Machine Translation in Adaptive and Scalable Manner

A translation system that is accessible to a large volume of users, such as users on the Internet, can experience varying amounts of load at different times. Such variation can be caused by, e.g., varying number of requests, requests of varying degrees of difficulty, varying proportions of requests for different language pairs, etc. This section describes features in automated machine translation systems to handle varying amounts of load caused by these and other variations in the systems and to reduce degradation in the quality of the service.

In order to scale up the capacity of an automated translation system, the underlying translation technology for the system should be able to operate at different points of the tradeoff between translation speed and translation quality, and the overall system should be able to adapt to varying loads. For example, the system may be configured to translate at a slow processing speed (e.g., 10 words/second) with a high-quality translation; a medium processing speed (e.g., 20 words/sec) with a medium translation quality; or a high processing speed (e.g. 100 words/sec) with a low-quality translation or a phrase-for-phrase or word-for-word gloss. To achieve a high quality translation, the translation server or engine (e.g., the segment translation server 130 (FIG. 2) may require a number of other back-ends, or servers that provide information it uses in the course of translation. Examples include a translation phrase dictionary server, a language model server, a transliteration server, etc. Obtaining information from these backend resources takes a certain amount of time. In some of the lower-quality translation modes, the translation server can skip using some of these back-end resources to reduce the translation time at a price of a reduced translation quality.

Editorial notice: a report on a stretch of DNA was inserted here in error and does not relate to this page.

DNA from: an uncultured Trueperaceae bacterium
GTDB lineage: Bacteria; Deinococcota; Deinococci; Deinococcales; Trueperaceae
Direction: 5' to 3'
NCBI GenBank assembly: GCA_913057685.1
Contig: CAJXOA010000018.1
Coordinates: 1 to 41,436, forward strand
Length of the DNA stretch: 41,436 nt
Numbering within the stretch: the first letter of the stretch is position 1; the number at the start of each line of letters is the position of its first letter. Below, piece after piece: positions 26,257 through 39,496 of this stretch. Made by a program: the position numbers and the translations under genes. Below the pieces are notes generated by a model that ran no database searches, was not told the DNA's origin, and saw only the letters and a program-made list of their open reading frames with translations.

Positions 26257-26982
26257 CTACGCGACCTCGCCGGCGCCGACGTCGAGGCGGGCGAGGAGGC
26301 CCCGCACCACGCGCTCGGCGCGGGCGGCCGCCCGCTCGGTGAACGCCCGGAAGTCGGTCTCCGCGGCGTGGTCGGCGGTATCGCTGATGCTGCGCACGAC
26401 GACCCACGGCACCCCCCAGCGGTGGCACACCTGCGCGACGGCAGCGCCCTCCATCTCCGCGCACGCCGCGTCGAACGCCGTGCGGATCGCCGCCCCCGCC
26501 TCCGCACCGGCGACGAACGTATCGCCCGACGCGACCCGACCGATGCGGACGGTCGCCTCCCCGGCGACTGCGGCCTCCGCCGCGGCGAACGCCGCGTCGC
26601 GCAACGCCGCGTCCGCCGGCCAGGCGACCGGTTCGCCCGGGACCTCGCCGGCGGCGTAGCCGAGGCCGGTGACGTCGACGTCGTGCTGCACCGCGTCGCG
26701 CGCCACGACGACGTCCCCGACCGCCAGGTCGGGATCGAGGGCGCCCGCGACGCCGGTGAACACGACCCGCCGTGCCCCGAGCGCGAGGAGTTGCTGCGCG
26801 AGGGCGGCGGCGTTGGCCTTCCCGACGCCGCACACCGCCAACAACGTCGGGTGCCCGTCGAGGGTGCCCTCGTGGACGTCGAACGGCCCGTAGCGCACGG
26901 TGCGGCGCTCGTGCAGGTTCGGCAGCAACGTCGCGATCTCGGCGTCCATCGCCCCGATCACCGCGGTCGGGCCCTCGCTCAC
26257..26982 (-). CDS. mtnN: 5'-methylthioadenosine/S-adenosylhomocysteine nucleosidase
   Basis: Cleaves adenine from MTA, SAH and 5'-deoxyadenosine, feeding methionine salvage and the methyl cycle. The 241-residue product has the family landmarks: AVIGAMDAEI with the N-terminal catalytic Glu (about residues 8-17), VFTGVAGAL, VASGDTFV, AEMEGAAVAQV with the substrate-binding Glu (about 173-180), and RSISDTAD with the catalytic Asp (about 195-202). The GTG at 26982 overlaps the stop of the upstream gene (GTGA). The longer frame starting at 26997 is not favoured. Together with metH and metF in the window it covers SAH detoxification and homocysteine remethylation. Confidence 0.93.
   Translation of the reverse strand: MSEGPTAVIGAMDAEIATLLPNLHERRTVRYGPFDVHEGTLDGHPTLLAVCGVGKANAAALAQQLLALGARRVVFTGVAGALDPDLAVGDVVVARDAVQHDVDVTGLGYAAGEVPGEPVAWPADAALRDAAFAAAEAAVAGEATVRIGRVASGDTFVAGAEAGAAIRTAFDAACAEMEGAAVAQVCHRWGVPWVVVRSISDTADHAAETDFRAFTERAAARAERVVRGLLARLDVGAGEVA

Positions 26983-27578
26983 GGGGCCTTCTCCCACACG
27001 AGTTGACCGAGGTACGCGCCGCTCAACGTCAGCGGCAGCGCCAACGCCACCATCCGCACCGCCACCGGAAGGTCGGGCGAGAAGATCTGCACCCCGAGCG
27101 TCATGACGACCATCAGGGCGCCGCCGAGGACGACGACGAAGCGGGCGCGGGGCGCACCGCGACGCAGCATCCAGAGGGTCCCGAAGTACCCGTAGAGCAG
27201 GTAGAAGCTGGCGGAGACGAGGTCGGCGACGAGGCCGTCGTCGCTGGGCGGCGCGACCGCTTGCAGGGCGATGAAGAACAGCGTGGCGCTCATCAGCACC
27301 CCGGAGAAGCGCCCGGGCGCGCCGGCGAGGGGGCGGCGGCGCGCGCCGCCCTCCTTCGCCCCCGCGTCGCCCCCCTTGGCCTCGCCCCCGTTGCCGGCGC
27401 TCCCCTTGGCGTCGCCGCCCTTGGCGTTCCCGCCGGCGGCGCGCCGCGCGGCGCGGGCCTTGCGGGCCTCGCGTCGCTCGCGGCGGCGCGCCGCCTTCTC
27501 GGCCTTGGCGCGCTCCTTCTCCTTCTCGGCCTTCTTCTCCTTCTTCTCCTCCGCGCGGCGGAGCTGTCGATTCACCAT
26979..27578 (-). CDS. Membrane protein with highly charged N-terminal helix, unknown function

For example, the translation server can skip using the transliteration resource and handle words that would otherwise be transliterated in another way, e.g., omitting the words, or keeping the original words in the translation. Another example is skipping use of the language model, and only using other translation information (e.g., phrase table and reordering probabilities) to derive the translation. Instead of skipping a component completely, the translation server may also choose to make fewer requests to the language model, thereby reducing the amount of communication and speeding up the translation. Hence, the translation server may decide to only request 3-grams or 4-grams instead of 5-grams from the language model. The end to end latency for all quality levels can be reduced by parallelizing the computation in both the front end translation server and the various back-end servers. During the wait from the back-end resource servers such as the LM servers, the translation server can perform the parts of the computation not dependent on the back-end results. By doing the front end computation in parallel with the wait time for the back-end resource servers (e.g., LM servers), the latency of the back ends does not contribute to overall translation latency unless the latency of the backend servers is larger than the time spent on the local computation. The back-end latencies themselves can be reduced by partitioning the data across multiple physical machines which are accessed by the translation server as a single virtual server.

Conversely, one partitioned virtual server can serve multiple back-end data sources. For example, a translation system may have multiple phrase-based translation lexica trained on different data sources. These multiple models are served from a single partitioned virtual server and re-partitioned on the client side of the translation engine. This allows complex multi-part translation models to be served from a single partitioned server.

To reduce translation processing, an automated machine translation system can include a cache to store translated text and document sections. Document sections can be words, phrases, sentence fragments, sentences, paragraphs, entire texts/documents, etc. As illustrated in FIG. 3B, a cache can map a source-language section to one or more target-language sections. Each target-language section is marked with information about its translation quality level. Thus, the cache can contain translations at different levels of translation quality. The cache ray also contain manual translations made by human which usually have a high level of translation quality and are obtained in a separate process.